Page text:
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‘Scalping’ of albatross fledglings by introduced mice spreads rapidly at Marion Island

Published online by Cambridge University Press:  02 November 2015

Ben J. Dilley*
Percy FitzPatrick Institute of African Ornithology, DST/NRF Centre of Excellence, University of Cape Town, Rondebosch 7701, South Africa
Stefan Schoombie
Percy FitzPatrick Institute of African Ornithology, DST/NRF Centre of Excellence, University of Cape Town, Rondebosch 7701, South Africa
Janine Schoombie
Percy FitzPatrick Institute of African Ornithology, DST/NRF Centre of Excellence, University of Cape Town, Rondebosch 7701, South Africa
Peter G. Ryan
Percy FitzPatrick Institute of African Ornithology, DST/NRF Centre of Excellence, University of Cape Town, Rondebosch 7701, South Africa


House mice (Mus musculus L.) were introduced to sub-Antarctic Marion Island more than two centuries ago, and have been the only introduced mammal on the island since 1991 when feral cats were eradicated. The first mouse-injured wandering albatross (Diomedea exulans L.) chick was found in 2003 and since then attacks have continued at a low level affecting <1% of the population. In 2009, the first ‘scalpings’ were detected; sooty albatross (Phoebetria fusca Hilsenberg) fledglings were found with raw wounds on the nape. In 2015, mice attacked large chicks of all three albatross species that fledge in autumn: grey-headed (Thalassarche chrysostoma Forster) (at least 102 wounded chicks; 4.6% of fledglings), sooty (n=45, 4.3%) and light-mantled albatross (P. palpebrata Forster) (n=1, 4%). Filming at night confirmed that mice were responsible for wounds. Attacks started independently in small pockets all around the island’s 70 km coastline, separated by distances hundreds of times greater than mouse home ranges. The widespread nature of mouse attacks in 2015 on large, well-feathered chicks is alarming and highlights not only Marion Island as a priority island for mouse eradication but also that mice alone may significantly affect threatened seabird species.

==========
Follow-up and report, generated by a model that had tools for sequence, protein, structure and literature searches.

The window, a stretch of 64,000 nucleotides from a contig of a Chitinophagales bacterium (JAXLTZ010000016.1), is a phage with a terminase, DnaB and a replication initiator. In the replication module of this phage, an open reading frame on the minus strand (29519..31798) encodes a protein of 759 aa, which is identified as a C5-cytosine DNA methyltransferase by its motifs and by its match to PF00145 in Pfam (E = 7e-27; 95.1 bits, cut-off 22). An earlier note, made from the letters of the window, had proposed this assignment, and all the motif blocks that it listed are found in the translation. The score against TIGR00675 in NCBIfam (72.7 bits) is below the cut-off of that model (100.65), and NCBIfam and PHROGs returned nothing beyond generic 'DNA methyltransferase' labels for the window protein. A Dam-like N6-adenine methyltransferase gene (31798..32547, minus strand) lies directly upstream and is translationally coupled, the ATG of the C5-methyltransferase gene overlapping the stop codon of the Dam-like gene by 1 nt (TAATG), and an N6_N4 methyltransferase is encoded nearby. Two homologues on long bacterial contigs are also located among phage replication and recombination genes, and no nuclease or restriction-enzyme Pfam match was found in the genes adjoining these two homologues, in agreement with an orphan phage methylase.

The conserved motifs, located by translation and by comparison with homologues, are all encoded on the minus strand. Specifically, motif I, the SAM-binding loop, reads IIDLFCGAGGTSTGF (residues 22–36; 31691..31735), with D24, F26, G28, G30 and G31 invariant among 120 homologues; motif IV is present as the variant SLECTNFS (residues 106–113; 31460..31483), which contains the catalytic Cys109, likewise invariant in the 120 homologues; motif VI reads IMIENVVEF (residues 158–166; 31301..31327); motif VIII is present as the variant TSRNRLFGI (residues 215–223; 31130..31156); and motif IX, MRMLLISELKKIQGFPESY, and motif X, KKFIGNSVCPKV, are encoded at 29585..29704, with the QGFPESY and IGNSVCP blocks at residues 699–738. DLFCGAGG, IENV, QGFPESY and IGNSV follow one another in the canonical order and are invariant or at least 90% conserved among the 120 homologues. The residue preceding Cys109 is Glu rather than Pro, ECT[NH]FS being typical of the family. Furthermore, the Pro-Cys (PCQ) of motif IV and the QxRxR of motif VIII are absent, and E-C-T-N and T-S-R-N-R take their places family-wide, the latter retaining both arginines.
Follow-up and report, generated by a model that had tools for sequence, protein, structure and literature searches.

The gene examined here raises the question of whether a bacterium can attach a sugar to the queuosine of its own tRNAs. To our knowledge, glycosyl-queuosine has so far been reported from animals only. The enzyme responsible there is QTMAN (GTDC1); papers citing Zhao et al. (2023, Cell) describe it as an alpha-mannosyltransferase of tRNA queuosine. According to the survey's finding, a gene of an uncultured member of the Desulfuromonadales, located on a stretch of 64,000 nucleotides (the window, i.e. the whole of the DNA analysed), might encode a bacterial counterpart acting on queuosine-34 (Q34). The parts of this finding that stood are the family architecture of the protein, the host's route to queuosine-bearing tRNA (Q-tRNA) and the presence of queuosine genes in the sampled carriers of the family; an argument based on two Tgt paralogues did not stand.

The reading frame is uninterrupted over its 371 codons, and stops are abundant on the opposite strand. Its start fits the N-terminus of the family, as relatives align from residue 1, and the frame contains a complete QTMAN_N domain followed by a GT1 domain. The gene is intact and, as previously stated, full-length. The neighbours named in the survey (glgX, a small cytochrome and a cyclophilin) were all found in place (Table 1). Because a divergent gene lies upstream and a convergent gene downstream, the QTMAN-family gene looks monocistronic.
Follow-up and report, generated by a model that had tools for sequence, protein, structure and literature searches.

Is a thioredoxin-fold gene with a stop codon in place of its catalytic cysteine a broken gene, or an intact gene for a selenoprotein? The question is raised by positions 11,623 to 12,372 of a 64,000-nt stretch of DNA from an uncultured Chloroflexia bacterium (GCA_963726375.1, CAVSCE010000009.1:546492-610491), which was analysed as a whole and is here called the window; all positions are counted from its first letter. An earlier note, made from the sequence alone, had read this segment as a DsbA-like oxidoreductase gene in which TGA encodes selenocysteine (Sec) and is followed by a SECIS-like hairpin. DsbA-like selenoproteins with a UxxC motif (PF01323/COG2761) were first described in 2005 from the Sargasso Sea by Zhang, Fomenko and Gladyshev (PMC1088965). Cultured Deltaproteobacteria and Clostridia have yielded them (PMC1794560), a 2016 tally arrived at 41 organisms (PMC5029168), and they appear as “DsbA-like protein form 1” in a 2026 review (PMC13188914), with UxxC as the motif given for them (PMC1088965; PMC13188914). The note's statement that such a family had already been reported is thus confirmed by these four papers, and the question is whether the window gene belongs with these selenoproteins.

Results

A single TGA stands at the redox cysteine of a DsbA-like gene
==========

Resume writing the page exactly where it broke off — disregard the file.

Biological Sciences
© Antarctic Science Ltd 2015 

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